Cities around the world have declared a climate emergency, and many have committed to carbon neutrality by 2030. Reducing food-related emissions by addressing food production and including meat and dairy reductions in key sustainability initiatives will help cities meet these targets.
Studies show we cannot meet global emissions-reduction targets without addressing food-related emissions. Food production, transport and disposal account for as much as 37% of global greenhouse gas emissions, with meat and dairy production responsible for more than half of these emissions.
Adopting bold climate and food policies brings environmental and economic benefits, as well as crucial opportunities for achieving greater equity. Black, Latino, Indigenous and communities of color face disproportionate environmental threats, which are worsened by food production. They’re more likely to be exposed to industrial agricultural practices that pollute air and water, degrade landscapes, and exacerbate climate-related impacts.
The Center for Biological Diversity strongly encourages decision-makers to set climate-compatible food goals for municipal emissions reductions and adopt policies that make low-carbon food widely accessible throughout their communities.
Municipal climate action plans are key to addressing the climate crisis, particularly when national leadership has failed. These plans provide a roadmap for how cities can reduce their emissions and increase resilience.
Climate Action Plans and other municipal policies are excellent places to make climate-driven commitments that include food targets. Increasingly, cities are holding themselves accountable to specific emissions-reduction targets, such as committing to carbon neutrality by 2030 or reducing emissions from meat purchases 25% by 2025.
Cities can integrate food and agriculture into climate action plans and
other city policies by:
Food procurement policies that determine the types of food purchased by governments or institutions are an important opportunity to reduce consumption-driven emissions. Most emissions come from only a few types of foods. The foods with the highest emissions are meat and dairy products, which are responsible for approximately half of all food-related emissions and at least 16.5% of global greenhouse gases. The overproduction (and consumption) of meat and dairy come with a high cost to the climate, as well as to water, land and biodiversity.
Procurement policies can lower food-related emissions by increasing the availability and acceptance of plant-based meals. One such strategy, switching to default plant-based menus (offering animal-based items by request, the reverse of current practices) has resulted in more people choosing low-carbon options. The Harvard School of Public Health changed the default menus from omnivore to vegetarian and the proportion of meat consumption dropped 43%, demonstrating diner satisfaction.
Some ways to impact food procurement policies include:
When possible, after prioritizing meat reduction:
Everyone should be able to choose to eat a healthy, sustainable diet. But in most U.S. cities, that is not the case, and already marginalized communities also often lack access to healthy, sustainable food, whether economically or geographically.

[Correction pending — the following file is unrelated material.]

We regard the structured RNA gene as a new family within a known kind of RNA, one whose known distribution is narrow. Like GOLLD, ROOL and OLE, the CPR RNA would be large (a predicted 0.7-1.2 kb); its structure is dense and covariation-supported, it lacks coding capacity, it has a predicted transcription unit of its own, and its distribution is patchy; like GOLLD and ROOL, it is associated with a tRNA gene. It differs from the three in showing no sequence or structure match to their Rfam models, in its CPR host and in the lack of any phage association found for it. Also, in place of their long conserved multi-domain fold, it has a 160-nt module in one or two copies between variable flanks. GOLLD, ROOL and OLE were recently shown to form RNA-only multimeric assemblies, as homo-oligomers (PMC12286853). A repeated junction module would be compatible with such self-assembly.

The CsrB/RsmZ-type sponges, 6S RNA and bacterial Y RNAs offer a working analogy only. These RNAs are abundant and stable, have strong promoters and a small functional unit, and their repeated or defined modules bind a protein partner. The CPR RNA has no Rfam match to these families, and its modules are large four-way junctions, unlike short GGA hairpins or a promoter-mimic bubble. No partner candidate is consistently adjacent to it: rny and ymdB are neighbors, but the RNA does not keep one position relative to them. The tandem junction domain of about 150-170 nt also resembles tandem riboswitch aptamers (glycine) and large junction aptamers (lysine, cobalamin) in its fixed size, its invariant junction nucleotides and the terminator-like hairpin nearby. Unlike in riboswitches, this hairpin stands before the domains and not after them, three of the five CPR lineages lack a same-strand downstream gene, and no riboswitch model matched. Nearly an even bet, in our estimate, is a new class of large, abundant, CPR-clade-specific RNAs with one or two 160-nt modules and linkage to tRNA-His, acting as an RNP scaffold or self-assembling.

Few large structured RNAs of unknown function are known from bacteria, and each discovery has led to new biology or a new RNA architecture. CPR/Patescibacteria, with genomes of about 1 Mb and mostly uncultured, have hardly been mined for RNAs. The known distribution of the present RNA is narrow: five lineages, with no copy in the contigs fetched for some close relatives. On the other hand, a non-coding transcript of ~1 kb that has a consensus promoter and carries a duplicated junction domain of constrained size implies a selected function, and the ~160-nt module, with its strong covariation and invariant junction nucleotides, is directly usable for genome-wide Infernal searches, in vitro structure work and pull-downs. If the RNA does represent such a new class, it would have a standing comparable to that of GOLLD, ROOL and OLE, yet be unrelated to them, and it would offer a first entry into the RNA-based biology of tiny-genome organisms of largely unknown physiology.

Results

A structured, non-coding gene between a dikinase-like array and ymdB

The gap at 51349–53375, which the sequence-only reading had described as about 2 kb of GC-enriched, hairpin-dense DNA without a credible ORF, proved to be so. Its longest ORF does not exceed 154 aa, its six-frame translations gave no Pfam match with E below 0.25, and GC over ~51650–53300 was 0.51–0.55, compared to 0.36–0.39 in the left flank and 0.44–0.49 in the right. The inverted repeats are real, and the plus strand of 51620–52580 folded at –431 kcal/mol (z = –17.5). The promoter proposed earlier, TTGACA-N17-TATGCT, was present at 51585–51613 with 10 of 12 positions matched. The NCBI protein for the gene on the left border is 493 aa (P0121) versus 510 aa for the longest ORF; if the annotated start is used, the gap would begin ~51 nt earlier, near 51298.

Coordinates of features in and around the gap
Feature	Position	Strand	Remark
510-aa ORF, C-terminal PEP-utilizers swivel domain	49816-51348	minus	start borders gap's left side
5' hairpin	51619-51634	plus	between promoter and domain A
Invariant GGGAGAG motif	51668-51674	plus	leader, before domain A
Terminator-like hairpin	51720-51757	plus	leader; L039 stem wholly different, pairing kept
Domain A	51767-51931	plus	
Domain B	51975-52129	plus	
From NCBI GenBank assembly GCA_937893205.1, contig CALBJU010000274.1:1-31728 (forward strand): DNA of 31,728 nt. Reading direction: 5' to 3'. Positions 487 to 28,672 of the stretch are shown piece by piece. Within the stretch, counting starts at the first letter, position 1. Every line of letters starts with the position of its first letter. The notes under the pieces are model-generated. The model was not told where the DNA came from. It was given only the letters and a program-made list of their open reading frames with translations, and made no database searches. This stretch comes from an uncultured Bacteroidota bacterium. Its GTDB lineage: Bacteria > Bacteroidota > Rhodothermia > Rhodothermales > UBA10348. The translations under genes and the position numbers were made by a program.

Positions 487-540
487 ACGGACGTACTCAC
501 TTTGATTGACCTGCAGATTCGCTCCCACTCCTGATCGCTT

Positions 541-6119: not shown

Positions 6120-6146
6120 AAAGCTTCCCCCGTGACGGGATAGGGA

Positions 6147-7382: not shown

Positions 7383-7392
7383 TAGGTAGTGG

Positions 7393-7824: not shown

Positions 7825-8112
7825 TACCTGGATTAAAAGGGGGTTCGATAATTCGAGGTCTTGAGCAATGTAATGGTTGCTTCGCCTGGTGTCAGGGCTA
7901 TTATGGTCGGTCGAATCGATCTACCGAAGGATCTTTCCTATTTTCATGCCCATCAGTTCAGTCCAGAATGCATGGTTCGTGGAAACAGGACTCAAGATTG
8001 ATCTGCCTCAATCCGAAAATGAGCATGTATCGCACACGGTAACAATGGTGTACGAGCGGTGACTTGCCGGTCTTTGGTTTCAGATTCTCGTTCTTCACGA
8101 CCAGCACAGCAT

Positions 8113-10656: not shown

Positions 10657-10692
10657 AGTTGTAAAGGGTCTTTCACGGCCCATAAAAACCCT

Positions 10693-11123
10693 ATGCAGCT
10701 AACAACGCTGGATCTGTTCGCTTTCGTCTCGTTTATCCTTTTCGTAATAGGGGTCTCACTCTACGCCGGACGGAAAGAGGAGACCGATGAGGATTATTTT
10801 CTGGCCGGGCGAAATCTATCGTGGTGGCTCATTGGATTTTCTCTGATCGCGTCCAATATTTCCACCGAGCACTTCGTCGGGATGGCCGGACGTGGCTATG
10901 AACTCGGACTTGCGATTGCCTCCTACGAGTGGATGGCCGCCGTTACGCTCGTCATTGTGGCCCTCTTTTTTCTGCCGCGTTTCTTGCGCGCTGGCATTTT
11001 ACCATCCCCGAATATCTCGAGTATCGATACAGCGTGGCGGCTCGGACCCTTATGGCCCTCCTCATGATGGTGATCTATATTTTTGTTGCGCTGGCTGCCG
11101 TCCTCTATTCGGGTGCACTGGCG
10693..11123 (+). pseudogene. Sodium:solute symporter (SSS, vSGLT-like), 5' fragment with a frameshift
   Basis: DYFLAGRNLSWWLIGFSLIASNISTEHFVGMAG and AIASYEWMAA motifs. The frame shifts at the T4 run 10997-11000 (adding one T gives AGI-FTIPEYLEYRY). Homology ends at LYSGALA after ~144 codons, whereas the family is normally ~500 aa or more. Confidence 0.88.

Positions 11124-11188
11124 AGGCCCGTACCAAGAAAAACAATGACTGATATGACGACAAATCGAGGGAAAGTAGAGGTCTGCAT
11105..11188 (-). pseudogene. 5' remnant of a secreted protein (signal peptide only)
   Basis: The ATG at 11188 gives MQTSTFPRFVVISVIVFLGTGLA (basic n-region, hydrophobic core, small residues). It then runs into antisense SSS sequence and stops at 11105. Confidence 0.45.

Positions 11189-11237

To support equitable access to healthy, sustainable, climate-friendly foods, cities should work to increase local, sustainable food production:
Low-carbon diets are well received by the public. A 2019 Gallup poll shows 1 in 4 Americans report eating less meat in the past year than previously. Another survey showed 85% of consumers agreed that plant-based foods can be as satisfying as animal products. A Nielson survey shows nearly 40% of Americans eat more plant-based foods than prior years. Latinx respondents are 46% more likely to incorporate plant-based foods.
One of the leading factors in a community having a positive response to shifting diets is understanding the link between livestock production and the climate crisis. As people become more aware of the role of food-related emissions, they also become more willing to change what they eat. This is an area where government leadership in policy interventions and outreach can make a difference.
Working with local community leaders on policy initiatives can help shift a city’s population toward climate-friendly foods:
Cities can increase community resilience, reduce emissions, and expand access to healthy, sustainable food by integrating food policy as climate policy in city planning and operations. These measures establish a food system that nourishes the community, celebrates cultural and biological diversity, and supports a thriving local food economy with minimal contribution to the climate crisis.
Climate-compatible food production also makes cities an attractive place for businesses and keeps more food dollars local, stimulates job creation, generates cost savings for households and improves public health. By strengthening sustainable food production and procurement, cities can address environmental quality and improve the quality of life for city residents.
Cities that enact climate-compatible policies for food and agriculture position themselves as leaders in both food and climate while grounding solutions deeply in their communities. In municipalities where cities have successfully integrated new strategies for low-emissions food procurement and policies, community support has been key.
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